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Biochemical principle of Limulus test for detecting bacterial endotoxins.

Iwanaga S - Proc. Jpn. Acad., Ser. B, Phys. Biol. Sci. (2007)

Bottom Line: This gelation reaction of the lysate, so-called Limulus test, has been widely employed as a simple and very sensitive assay method for endotoxins.The molecular structures of these proteins have also been elucidated.Moreover, the reconstitution experiments using the isolated clotting factors, factor C, factor B, proclotting enzyme and coagulogen in the presence of endotoxin, leads to the formation of coagulin gel.

View Article: PubMed Central - PubMed

Affiliation: The Chemo-Sero-Therapeutic Research Institute, 1-6-1 Okubo, Kumamoto 812-8581, Japan . ; Research adviser.

ABSTRACT
A hemocyte lysate from horseshoe crab (Limulus) produced a gel, when exposed to Gram-negative bacterial endotoxins, lipopolysaccharides (LPS). This gelation reaction of the lysate, so-called Limulus test, has been widely employed as a simple and very sensitive assay method for endotoxins. Recent biochemical studies on the principle of Limulus test indicate that the hemocytes contain several serine protease zymogens, which constitute a coagulation cascade triggered by endotoxins, and that there is a (1,3)-β-D-glucan-mediated coagulation pathway which also results in the formation of gel. Up to now, six protein components, designated coagulogen, proclotting enzyme, factor B, factor C, and factor G, all of which are closely associated with the endotoxin-mediated coagulation pathway, have been purified and biochemically characterized. The molecular structures of these proteins have also been elucidated. Moreover, the reconstitution experiments using the isolated clotting factors, factor C, factor B, proclotting enzyme and coagulogen in the presence of endotoxin, leads to the formation of coagulin gel. Here, I will focus on the biochemical principle of Limulus test for detecting bacterial endotoxins, and its activation and regulation mechanism on the LPS-mediated coagulation cascade.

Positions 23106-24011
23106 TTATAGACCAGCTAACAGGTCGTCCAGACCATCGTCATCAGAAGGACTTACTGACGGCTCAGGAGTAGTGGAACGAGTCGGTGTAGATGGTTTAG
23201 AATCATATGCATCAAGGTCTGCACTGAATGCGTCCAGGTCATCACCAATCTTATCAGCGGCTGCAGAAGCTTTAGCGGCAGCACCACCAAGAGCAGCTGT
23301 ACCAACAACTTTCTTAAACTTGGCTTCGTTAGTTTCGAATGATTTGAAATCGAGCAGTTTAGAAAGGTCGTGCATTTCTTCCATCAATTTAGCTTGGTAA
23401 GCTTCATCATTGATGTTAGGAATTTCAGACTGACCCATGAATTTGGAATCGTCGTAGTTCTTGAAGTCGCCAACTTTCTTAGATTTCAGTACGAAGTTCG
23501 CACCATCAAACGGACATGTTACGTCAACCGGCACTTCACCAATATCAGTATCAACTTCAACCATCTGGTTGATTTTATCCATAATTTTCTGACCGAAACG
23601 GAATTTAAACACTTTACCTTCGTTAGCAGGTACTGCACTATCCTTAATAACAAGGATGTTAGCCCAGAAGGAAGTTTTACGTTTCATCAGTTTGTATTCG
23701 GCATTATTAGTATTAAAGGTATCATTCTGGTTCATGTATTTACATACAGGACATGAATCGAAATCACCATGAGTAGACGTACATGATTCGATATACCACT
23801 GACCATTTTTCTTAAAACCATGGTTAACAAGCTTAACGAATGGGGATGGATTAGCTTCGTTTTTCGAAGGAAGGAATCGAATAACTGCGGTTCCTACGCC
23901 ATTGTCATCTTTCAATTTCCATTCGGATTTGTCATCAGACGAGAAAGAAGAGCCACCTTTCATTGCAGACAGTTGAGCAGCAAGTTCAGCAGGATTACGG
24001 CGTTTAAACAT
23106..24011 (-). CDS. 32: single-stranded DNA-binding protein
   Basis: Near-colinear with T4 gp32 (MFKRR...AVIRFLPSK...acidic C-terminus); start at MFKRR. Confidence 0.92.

No MeSH data available.


Related in: MedlinePlus

A light (A and B) and electron (C) micrographs of horseshoe crab (T. tridentatus) hemocytes/amebocytes, and major defense molecules (C) that have been identified in large and small cell granules.9)
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f1-83_110: A light (A and B) and electron (C) micrographs of horseshoe crab (T. tridentatus) hemocytes/amebocytes, and major defense molecules (C) that have been identified in large and small cell granules.9)

Mentions: The hemolymph is collected by inserting a needle into a joint between the cephalothorax and abdominal region. Fifty to 150 ml of the hemolymph per individual is drawn under sterilized condition, and the hemocytes/amebocytes are collected by centrifuging pooled hemolymph at 2,500 rpm for 10 min. The hemocytes thus prepared are lysed and the lysate is used for endotoxin assay. On the basis of cell morphology, the hemocyte is an oval, and plate shaped structure, 15∼20 μm in its longest dimension.16), 18)Fig. 1 shows a light and an electron micrographs of the hemocytes separated from Japanese horseshoe crab, Tachypleus(T) tridentatus. The cell contains numerous dense granules classed into two major types: large(L) and small(S) granules.9) The former is larger (up to 1.5 μm in diameter) and less dense than the latter (< 0.6 μm in diameter). The L-granules contain more than 25 proteins, the majority of which have molecular masses between 8 and 123 kDa.17), 19), 20) In contrast, the S-granules contain at least 6 proteins with molecular masses of less than 30 kDa, in addition to several antimicrobial peptides and their analogues, such as tachyplesins, tachystatins, tachycitins and big defensins, all of which show antimicrobial activities against Gram-negative and -positive bacteria and fungi.21)–27)